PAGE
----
The acronym ‘ITK’ gets used a lot within the healthcare technology world; this post attempts to clarify some of the basics.Continue reading “What is ITK?”
I was having a discussion with a colleague this week about architectural options for some specific interoperability use cases we are tackling.
The conversation touched on implementation choice – how much flexibility should there be in how to approach specific interoperability use cases within the NHS?
I’ve thought about this quite a bit, and struggled with the complexity that “many ways to do the same thing” can introduce. I naturally found myself quoting PEP 20 — The Zen of Python | Python.org.
There should be one — and preferably only one — obvious way to do it.
Could this be a reasonable principle for us to take with NHS interoperability?
I wonder if there is a place for “The Zen of NHS Interoperability” – to define some guiding principles for all of us working hard to make interoperability useful for the NHS.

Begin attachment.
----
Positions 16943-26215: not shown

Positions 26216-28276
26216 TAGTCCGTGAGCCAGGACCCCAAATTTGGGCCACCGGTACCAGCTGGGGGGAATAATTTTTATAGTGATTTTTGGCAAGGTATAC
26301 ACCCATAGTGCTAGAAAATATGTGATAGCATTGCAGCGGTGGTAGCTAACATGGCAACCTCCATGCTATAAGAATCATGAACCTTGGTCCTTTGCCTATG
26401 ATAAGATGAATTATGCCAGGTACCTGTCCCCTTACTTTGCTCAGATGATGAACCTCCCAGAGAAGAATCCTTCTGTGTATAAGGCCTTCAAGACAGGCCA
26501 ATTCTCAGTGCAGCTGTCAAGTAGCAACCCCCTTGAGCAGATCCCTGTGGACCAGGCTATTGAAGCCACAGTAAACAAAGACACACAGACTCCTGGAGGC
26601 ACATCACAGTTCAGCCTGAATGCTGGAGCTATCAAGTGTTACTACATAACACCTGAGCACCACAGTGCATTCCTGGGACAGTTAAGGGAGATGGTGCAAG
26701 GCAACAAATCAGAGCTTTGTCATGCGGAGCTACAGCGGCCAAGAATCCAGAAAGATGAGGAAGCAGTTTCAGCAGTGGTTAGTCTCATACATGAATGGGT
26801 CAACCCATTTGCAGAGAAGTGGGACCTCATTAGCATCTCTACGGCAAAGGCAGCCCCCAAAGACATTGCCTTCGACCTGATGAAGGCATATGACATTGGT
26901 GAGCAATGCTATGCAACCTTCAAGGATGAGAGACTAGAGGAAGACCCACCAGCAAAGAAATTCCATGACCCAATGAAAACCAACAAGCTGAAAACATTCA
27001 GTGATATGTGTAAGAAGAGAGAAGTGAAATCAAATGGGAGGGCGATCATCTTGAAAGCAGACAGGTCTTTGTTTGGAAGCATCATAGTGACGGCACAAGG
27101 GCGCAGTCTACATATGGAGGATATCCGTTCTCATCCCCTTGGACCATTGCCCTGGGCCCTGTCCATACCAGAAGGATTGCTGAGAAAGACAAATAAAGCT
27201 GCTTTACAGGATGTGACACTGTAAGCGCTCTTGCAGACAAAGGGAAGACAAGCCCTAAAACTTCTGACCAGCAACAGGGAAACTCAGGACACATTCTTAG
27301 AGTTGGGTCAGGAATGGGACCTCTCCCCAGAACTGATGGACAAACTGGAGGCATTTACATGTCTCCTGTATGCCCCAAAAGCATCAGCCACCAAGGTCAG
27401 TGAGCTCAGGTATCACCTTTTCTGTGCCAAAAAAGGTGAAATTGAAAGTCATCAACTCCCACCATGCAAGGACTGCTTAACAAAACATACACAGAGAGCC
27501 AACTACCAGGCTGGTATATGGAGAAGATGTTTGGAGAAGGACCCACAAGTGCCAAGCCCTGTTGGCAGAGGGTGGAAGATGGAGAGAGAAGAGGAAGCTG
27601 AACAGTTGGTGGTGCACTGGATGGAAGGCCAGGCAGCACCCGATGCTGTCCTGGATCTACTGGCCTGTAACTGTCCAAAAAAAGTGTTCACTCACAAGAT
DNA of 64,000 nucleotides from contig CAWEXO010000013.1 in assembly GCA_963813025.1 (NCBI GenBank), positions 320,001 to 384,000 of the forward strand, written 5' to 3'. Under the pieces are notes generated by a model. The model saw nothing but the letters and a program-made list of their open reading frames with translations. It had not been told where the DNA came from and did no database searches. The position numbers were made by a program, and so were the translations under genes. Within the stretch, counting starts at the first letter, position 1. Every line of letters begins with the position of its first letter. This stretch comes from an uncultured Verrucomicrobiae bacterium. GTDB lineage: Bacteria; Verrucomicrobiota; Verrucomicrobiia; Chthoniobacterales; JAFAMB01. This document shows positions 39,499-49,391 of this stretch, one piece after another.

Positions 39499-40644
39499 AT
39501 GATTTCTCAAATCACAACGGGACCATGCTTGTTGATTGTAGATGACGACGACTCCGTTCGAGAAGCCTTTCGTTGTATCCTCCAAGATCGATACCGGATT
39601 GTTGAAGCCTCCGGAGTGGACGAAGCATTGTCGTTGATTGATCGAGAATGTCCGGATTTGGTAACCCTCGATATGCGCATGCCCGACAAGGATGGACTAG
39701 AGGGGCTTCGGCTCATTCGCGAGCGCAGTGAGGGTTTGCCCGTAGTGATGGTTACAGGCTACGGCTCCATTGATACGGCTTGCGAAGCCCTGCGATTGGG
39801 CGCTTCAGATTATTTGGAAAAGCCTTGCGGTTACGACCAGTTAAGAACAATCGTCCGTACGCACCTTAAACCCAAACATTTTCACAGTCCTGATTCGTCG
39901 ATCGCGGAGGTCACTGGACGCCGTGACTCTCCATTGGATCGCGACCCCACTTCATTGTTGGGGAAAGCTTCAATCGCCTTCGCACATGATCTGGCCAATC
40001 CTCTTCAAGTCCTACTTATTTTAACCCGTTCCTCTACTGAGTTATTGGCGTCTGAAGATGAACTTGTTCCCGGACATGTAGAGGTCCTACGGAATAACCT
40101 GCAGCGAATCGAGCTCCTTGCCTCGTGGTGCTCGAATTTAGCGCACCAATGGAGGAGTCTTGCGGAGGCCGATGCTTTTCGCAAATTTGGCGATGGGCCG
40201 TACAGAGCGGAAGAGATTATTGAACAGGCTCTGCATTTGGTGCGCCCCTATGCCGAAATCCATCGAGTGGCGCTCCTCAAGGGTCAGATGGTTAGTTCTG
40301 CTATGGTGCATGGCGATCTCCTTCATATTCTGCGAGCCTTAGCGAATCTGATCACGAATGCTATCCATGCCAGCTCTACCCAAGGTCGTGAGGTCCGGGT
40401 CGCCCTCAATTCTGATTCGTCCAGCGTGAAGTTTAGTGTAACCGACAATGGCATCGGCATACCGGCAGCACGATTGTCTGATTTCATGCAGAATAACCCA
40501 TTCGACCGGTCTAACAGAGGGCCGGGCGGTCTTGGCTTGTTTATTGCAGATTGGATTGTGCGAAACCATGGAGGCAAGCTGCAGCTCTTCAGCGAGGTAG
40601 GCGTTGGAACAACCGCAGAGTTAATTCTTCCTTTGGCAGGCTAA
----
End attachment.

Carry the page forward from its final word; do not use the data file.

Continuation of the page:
Here is a slightly tongue-in-cheek attempt at a “Zen of NHS Interoperability” 🙂
The Zen of Interoperability
Elegant is better than messy. Explicit is better than implicit. Simple is better than complex. Complex is better than complicated. Open is better than controlled. But controlled is better than proprietary. Readability counts. Special cases aren't special enough to break the rules. Although practicality beats purity. Errors should never pass silently. Unless explicitly silenced. In the face of ambiguity, refuse the temptation to guess. There should be one-- and preferably only one --obvious way to do it. Although that way may not be obvious at first unless you designed it. Now is better than never. Although never is often better than *right* now. If the implementation is hard to explain, it's a bad idea. If the implementation is easy to explain, it may be a good idea. Clear Standards are one honking great idea -- let's have more of those!